Analyst links fingerprint to Penn Valley marijuana grow murder suspect | TheUnion.com

Analyst links fingerprint to Penn Valley marijuana grow murder suspect

A fingerprint found at the scene of a Penn Valley homicide was linked Wednesday to one of three men accused of the 2014 fatal shooting at a marijuana grow, an analyst testified.

A right thumbprint linked by authorities to Nathan Philbrook, 33, was found on a greenhouse door hours after authorities discovered the body of Isaac Zafft on Goodenough Court, testified Kent Quong, a latent print analyst with the state Bureau of Forensic Services.

"It was a clean impression," Quong said. "It was clear."

Philbrook, along with Finley Fultz, 27, and Daniel Devencenzi, 32, each face a murder charge in connection with the July 7, 2014, shooting death of Zafft. Brought to Nevada County last year, the men remained in jail Wednesday without bond.

Quong's testimony came on the second day of the men's preliminary hearing. That hearing, which began in February, was delayed for months and resumed Wednesday after Superior Court Judge Robert Tice-Raskin heard arguments about the admissibility of a statement Fultz gave detectives days after his arrest.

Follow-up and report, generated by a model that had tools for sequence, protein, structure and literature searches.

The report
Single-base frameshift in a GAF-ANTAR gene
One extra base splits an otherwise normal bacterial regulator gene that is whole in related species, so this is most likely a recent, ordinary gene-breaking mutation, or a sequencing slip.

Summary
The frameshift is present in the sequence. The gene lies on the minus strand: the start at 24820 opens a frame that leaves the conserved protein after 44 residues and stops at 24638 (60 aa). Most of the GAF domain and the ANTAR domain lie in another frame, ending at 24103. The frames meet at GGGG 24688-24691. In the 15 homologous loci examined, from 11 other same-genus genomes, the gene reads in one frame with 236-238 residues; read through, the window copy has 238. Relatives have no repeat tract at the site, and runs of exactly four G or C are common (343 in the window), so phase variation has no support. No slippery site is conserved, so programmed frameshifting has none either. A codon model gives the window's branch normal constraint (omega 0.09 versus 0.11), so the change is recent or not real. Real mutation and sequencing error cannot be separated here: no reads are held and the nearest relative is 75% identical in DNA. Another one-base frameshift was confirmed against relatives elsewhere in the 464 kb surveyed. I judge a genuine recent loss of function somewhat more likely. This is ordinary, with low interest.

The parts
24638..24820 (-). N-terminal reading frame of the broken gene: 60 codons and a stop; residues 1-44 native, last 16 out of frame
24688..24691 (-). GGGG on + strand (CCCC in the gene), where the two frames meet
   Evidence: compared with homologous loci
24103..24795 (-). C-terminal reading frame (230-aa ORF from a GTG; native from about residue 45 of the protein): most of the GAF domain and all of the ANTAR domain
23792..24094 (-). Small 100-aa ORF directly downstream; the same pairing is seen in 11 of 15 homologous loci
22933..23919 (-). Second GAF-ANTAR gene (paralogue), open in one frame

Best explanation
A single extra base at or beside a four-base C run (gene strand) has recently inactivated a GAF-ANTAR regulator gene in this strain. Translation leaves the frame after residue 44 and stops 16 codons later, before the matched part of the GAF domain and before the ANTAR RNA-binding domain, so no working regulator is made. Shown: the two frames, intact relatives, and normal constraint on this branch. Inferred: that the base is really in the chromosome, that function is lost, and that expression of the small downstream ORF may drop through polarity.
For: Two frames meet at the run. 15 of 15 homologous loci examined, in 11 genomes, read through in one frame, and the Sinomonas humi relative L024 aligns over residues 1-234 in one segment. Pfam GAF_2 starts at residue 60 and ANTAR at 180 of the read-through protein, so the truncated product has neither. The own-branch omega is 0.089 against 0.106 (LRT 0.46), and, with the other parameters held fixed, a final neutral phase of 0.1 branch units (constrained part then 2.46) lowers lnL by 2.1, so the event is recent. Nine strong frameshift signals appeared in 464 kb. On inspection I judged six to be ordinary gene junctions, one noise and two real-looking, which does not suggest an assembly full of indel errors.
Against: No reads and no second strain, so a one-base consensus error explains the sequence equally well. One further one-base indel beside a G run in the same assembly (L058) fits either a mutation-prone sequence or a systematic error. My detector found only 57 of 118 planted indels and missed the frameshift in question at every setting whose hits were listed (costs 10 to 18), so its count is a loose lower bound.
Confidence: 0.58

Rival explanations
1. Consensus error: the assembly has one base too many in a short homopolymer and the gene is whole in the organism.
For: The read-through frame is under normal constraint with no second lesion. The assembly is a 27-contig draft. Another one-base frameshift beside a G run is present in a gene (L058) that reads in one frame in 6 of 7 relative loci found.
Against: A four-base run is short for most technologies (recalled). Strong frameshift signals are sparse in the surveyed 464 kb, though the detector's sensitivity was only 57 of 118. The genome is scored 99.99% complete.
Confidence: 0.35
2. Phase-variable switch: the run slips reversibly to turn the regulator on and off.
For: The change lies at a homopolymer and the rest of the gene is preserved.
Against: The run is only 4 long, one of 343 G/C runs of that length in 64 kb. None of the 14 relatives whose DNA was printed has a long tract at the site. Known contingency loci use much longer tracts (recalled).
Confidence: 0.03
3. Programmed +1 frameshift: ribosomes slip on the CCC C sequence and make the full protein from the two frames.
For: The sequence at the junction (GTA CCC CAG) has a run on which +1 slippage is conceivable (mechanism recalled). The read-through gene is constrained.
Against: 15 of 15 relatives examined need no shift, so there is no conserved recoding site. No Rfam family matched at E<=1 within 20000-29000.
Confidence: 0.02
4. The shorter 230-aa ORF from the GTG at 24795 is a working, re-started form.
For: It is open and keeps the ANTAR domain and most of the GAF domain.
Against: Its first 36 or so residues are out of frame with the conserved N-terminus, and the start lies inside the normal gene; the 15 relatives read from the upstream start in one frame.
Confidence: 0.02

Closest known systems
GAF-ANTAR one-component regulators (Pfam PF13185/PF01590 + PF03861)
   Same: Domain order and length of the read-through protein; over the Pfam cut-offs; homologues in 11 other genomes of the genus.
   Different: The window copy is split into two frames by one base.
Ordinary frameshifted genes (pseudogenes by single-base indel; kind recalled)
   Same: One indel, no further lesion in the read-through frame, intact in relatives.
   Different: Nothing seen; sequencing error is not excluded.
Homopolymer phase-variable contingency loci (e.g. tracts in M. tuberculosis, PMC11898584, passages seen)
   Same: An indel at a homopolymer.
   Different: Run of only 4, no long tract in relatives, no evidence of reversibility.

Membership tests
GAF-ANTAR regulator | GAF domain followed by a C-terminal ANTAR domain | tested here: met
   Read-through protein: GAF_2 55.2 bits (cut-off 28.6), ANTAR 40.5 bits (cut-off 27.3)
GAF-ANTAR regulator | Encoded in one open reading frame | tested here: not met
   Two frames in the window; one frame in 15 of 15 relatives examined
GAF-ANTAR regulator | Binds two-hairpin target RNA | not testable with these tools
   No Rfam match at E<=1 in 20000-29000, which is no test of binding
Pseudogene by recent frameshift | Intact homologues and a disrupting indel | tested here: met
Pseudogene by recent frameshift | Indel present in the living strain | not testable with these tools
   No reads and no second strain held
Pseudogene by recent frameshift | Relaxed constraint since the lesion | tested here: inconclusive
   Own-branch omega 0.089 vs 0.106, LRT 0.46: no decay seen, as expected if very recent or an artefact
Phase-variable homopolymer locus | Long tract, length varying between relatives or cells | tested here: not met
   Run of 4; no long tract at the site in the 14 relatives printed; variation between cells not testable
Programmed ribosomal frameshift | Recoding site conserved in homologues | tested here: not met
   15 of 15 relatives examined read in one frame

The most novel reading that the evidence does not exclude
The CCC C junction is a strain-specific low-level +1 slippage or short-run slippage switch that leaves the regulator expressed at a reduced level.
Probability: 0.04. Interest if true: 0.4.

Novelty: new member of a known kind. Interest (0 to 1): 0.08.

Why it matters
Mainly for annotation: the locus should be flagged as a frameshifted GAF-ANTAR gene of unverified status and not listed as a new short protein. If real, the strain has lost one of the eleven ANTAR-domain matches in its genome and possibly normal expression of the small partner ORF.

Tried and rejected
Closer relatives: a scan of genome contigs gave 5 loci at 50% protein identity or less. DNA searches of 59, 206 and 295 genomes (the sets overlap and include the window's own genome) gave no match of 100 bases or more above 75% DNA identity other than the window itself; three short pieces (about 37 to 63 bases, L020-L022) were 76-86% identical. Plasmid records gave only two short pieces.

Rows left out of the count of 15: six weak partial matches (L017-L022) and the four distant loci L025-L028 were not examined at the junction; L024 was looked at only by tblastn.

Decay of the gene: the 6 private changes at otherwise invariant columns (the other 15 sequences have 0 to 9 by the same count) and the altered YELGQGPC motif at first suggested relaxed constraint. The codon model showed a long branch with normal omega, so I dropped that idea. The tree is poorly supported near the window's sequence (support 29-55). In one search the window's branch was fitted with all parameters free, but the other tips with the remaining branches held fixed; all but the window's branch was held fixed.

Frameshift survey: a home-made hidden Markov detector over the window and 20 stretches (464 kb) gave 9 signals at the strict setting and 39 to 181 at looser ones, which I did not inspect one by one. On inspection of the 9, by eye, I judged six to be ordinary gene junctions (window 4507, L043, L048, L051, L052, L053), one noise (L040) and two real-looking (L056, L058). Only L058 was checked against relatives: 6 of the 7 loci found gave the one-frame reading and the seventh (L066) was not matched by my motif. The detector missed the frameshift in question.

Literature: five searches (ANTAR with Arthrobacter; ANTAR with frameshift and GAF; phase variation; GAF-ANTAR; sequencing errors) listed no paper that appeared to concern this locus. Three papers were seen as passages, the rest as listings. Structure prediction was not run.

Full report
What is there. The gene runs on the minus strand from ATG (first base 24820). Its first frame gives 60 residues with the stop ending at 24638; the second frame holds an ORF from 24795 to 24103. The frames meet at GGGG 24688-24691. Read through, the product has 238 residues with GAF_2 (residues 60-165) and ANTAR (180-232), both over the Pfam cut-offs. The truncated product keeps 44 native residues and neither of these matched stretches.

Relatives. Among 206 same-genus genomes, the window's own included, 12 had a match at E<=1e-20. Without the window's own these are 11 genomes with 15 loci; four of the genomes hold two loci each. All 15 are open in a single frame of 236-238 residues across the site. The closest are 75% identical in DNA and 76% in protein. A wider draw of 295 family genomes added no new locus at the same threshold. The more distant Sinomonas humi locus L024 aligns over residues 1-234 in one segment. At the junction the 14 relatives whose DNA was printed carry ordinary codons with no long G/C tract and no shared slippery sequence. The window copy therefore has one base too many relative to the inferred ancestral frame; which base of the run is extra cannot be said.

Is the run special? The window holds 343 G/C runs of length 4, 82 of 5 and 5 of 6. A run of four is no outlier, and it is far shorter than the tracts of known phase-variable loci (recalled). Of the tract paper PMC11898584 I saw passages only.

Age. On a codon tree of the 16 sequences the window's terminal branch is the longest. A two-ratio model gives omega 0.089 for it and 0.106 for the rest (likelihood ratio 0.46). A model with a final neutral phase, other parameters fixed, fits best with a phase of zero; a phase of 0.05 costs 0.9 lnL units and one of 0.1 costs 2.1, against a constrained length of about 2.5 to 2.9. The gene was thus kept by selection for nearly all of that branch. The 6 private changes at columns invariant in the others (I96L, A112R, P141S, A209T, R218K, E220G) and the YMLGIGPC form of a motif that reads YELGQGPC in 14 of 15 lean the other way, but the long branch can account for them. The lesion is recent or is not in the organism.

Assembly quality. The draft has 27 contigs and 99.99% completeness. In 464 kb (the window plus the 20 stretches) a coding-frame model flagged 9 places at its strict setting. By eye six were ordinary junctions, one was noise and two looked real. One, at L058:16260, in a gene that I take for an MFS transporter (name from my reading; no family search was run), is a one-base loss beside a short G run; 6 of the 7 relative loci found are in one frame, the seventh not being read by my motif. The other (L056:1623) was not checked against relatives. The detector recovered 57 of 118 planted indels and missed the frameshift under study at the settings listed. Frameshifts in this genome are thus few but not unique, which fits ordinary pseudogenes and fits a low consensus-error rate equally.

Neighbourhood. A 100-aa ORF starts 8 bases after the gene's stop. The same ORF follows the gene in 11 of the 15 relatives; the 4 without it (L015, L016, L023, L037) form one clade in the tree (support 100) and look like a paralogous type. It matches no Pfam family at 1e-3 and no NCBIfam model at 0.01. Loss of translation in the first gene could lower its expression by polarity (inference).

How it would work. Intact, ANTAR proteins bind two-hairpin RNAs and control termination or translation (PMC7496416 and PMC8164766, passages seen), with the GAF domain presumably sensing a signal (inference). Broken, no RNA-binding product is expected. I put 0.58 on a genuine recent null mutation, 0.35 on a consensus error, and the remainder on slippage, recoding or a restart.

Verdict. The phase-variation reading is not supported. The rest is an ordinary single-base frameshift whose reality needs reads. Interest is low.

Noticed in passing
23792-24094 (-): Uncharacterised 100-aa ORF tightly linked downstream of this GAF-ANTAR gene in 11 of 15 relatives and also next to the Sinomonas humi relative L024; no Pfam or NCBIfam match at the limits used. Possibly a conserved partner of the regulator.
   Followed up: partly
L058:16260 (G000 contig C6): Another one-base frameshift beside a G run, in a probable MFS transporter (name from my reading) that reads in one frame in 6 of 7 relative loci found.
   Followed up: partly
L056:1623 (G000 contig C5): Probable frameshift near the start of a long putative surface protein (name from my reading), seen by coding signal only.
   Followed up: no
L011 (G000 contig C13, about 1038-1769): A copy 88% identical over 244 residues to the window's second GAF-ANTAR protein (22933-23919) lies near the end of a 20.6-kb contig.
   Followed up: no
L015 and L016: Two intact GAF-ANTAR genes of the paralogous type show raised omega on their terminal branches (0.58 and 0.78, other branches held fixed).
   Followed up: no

The Wednesday preliminary hearing focused on testimony about the initial investigation into Zafft's death. At that hearing Donald Henrickson, a forensic pathologist who performed an autopsy on the victim, testified that Zafft had four gunshot wounds, one of which was to his chest and fractured several ribs.

Recommended Stories For You

The arguments over Fultz' statement occurred Tuesday and Wednesday morning, and stem from his attempt to keep his interview with detectives from a jury.

Defense attorney Greg Klein, who represents Fultz, said authorities deliberately delayed bringing his client to Nevada County after his arrest — a delay that provided time for an undercover officer to speak with Fultz in jail and for a later interview with detectives. Additionally, in that interview Fultz invokes his right to remain silent, though detectives continued to question him.

"He's being pretty clear that he doesn't want to talk and the interrogation continues," Klein said.

Assistant District Attorney Joe Alexander argued that a video of the interview shows Fultz wants to talk.

"He is attempting, as best he can, to extract a deal, a plea bargain," Alexander said.

Tice-Raskin has made no decision on Fultz' statement. Prosecutors said that decision will affect the witnesses they call today when the hearing resumes at 9 a.m.

To contact Staff Writer Alan Riquelmy, email ariquelmy@theunion.com or call 530-477-4239.